At this point, it's unlikely that you'll have enough wort to bottle 64oz of beer. To make sure the volume is correct, add bottled water (tap water could introduce an infection, don't do it!) to your carboy until the wort reaches about an inch above half way. Half way for a 1 gallon carboy will be 64oz. You're shooting for about 74oz so that you have around 64oz of bottleable beer. The bottom of the carboy will be covered in up to an inch of yeast sediment and hops residue, called trub, at the end of fermentation. Bottling trub will not produce nice tasting beer.

Now measure out and add, or ‘pitch’ the yeast, as it’s called. There’s no need to stir or shake the carboy at this point. The yeast will permeate throughout the wort relatively quickly.

To seal the fermenter (carboy), slide the airlock into the hole of the rubber stopper. Fill it half full with either Star San solution from your spray bottle or unflavored vodka. You don’t want to use tap water as this could become a vector for infection into your beer. Lightly press the rubber stopper into the carboy. Don’t press too hard or your rubber stopper will become stuck and may even drop into the beer. I should also note that if your airlock came with a cap, be sure that you don’t leave it on. You want carbon dioxide that gets produced by the yeast to exit the airlock or else you’ll end up with an explosive fermentation on your hands (not fun to clean up!).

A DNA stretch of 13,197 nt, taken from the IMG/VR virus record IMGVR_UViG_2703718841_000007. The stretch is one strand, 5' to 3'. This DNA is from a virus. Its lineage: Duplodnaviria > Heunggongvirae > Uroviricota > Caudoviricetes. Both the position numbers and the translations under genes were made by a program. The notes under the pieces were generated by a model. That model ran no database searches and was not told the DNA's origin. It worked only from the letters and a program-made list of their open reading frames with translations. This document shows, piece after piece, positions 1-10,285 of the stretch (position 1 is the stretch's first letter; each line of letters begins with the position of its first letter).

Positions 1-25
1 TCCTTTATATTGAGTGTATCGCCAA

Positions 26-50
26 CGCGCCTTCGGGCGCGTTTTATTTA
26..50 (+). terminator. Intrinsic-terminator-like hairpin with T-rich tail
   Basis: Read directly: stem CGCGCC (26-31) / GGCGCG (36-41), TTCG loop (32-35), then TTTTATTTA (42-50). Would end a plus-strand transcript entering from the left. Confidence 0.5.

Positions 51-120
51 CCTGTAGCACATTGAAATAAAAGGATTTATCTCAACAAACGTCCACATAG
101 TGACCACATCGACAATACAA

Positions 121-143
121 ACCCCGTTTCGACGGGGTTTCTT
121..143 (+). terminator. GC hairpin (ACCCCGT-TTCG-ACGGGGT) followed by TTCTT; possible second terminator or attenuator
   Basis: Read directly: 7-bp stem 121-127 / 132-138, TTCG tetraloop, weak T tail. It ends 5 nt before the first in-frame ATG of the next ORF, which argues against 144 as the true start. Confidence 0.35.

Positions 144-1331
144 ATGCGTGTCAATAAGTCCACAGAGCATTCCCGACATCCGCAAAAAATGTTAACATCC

You’re done! Well, not quite. The wort will begin to ferment within 24 to 48 hours, but we want the yeast to be as happy as possible so they only produce the flavors we’re looking for. If your living space is already around 68 - 70°F, then you can probably leave the fermenting beer on its own. But, that’s not the case for myself, so I place my fermenters in the 10qt Rubbermaid Cooler that I mentioned in the Equipment section and then fill with water (not exceeding the height of the beer in any of the fermenters). Then, I place a frozen water bottle into the water until it reaches 65°F and then I remove it again. Surprisingly, the water will maintain the temperature between 65 - 70°F for days until it needs ice again, so the yeast will stay in their happy temperature range without too much attention from the brewer.

Now your brew day is finally complete! Congrats!

Fermentation

Within the first 24 - 48 hours of fermentation, you’ll notice foam starting to form on the top of the beer. This is called “krausen”. Krausen is completely normal and will not appear the same from beer to beer. As long as you don’t see fuzzy white or black stuff or a wrinkly looking texture forming on the surface of the krausen, then you’re good to go and there’s likely no infection.

Let fermentation go undisturbed and out of the sunlight for one to two weeks. Erring on the side of two weeks is typically better as it’s easier to accidentally under ferment. Over fermenting isn’t really possible, but if you leave the beer in the fermenter for too many months, the yeast will start to die, known as autolysis, and that will impart bad flavors in your beer.